Even as opponents of both projects keep their voices in the mix, proposals to reactivate the Rockaway Beach Long Island Rail Road line, or convert the right of way into a park similar to Manhattan’s High Line, are both moving forward.
The plan to bring trains, or some form of transit, back to the line, which was abandoned in 1962, got support from two high-ranking officials last week.
Reps. Hakeem Jeffries (D-Brooklyn) and Gregory Meeks (D-Jamaica), who both represent portions of southern Queens, gave firm endorsements to the rail plan and sent a letter to U.S. Secretary of Transportation Ray LaHood asking that a portion of the $60 billion in the relief bill for Hurricane Sandy be put toward studying rail reactivation along the right of way.
Why that money? Jeffries said some of it was earmarked specifically toward studying infrastructure and transit development for communities affected by the storm, and since the rail line would serve Howard Beach, Broad Channel and the Rockaways — all hit hard by Sandy’s storm surge — it would meet the criteria.
“This falls squarely within that,” he explained. “These communities are recovering from the storm and this would be part of that recovery.”
Though a train is the most common idea proposed for the line, Assemblyman Phil Goldfeder (D-Rockaway Park) noted that there were a number of options, including light rail and even bus service, similar to the Transitway system in Ottawa, Canada, where buses run along a dedicated route that connects the downtown portion of the city to neighborhoods farther away.
“We have a number of options we could look at,” he said. “That’s why we need a study done.”
Goldfeder said reactivating transit would not just be a boon for the Rockaways and southern Queens, but for the entire borough because it would better connect those areas to other parts, such as Astoria, Flushing and Bayside, which are typically more difficult to get to.
It would also take some cars off congested Woodhaven Boulevard, supporters argue.
“We want to get out of our cars,” said Dolores Orr, chairwoman of Community Board 14, which includes the Rockaways. “The mayor wants us to get out of our cars. But we need an alternative.”
Orr, who has lived in Rockaway all her life, said she remembers when the LIRR ran along the line.
“It took 40 minutes to get to Manhattan,” she said. In the meantime, The Trust for Public Land, the parks advocacy group given money from the state to study the potential for a High Line-like “Queensway” project, has moved ahead with those plans.
Marc Matsil, New York State director for TPL, said more than 40 firms responded to a request for proposals to conduct a feasibility study for the Queensway.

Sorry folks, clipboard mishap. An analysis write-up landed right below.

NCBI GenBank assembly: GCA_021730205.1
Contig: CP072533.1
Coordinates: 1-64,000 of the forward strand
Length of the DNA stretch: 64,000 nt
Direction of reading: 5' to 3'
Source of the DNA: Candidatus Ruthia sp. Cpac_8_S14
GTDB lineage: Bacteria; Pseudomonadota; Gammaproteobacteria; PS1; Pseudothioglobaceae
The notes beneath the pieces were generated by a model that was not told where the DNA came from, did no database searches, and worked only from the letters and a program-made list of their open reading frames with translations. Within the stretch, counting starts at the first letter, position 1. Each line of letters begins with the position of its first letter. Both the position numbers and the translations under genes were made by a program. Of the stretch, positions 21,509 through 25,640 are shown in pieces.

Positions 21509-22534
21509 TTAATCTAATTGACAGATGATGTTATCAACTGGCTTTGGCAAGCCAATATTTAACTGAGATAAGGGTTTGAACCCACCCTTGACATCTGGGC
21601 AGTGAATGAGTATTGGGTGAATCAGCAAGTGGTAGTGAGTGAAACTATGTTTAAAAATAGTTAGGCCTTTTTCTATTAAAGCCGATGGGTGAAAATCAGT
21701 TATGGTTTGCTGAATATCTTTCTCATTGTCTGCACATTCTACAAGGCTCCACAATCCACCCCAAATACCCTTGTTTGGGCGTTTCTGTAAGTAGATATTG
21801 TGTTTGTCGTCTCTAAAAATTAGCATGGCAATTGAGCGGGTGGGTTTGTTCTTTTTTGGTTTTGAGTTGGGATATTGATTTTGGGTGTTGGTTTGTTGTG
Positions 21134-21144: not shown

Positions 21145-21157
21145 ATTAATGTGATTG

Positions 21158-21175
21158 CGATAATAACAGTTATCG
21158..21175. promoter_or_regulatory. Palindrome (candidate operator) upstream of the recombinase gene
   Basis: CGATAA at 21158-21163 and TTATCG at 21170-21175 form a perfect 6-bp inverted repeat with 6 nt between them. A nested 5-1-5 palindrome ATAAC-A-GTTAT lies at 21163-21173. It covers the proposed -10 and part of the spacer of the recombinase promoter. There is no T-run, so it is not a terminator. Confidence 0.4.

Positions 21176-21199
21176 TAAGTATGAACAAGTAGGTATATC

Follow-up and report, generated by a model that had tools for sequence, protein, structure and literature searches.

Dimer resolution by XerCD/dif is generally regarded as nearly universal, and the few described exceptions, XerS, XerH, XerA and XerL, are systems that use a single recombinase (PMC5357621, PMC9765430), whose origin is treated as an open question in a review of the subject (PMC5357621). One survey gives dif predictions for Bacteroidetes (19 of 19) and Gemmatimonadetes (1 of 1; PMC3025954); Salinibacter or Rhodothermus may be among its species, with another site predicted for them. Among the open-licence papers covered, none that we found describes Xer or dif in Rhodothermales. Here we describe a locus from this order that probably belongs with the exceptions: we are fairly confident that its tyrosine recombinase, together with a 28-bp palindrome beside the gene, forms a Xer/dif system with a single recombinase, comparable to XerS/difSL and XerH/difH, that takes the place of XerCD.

“We are looking for firms with ecological expertise,” Matsil explained. “The goal of the study is to look at the structures in place, their stability and test ground water and soil samples.”
TPL and the firms interested will be visiting the rail line for a tour this week.
Matsil dismissed talk of reactivating the railway, pointing to studies from the 1990s, when the line was eyed for the JFK AirTrain, that argued transit was not financially feasible and would not be used by residents in southern Queens.
But supporters of the rail said those studies are out of date and the situation is different now, especially since the opening of Resorts World New York City Casino and increased development in the Rockaways, such as Arverne By The Sea. Meeks also believes Sandy changed everything.
“The biggest difference now is Sandy,” he explained. “Restoring the rail line would speed up the pace of recovery for residents and local businesses and create hundreds of jobs while laying the foundation for a transportation network that accommodates future growth.”
Opponents of the rail line noted the cost of reactivating service would be astronomical and is part of the reason it isn’t feasible. Meeks said the cost could not be determined yet.
“A study will tell us that,” he said.
The right of way that runs through Forest Park, adjacent to Victory Field, is actually parkland, and any reactivation of transit would require the city to alienate that section of the park, with state approval. Doing so will require the city go through a process similar to that currently being undertaken by the United States Tennis Association in its plan to expand its Flushing Meadows campus. That process has led to a number of contentious debates on community boards including CB 9, which includes a significant section of the Rockaway line.
Outgoing CB 9 Chairwoman Andrea Crawford, who supports the Queensway concept, noted her board would have to take a vote on alienating parkland for it. That, especially after the tough USTA vote the board took last month, would be a hard push, she said.
But community board votes are only advisory, supporters of the rail plan point out.
In the meantime, opponents of both ideas are trying to keep their voices heard as both plans moved forward.
Neil Giannelli, a resident of 98th Street in Woodhaven, which runs alongside the Rockaway LIRR right of way, said most of his neighbors are opposed to any development along the line.
At a meeting of CB 9 earlier this month, Giannelli said 230 signatures were collected from residents age 18 and older along the street between Park Lane South and Atlantic Avenue. Of those, four people supported the Queensway idea while 226 were opposed to any development along the old Rockaway line.
Nobody wanted a train.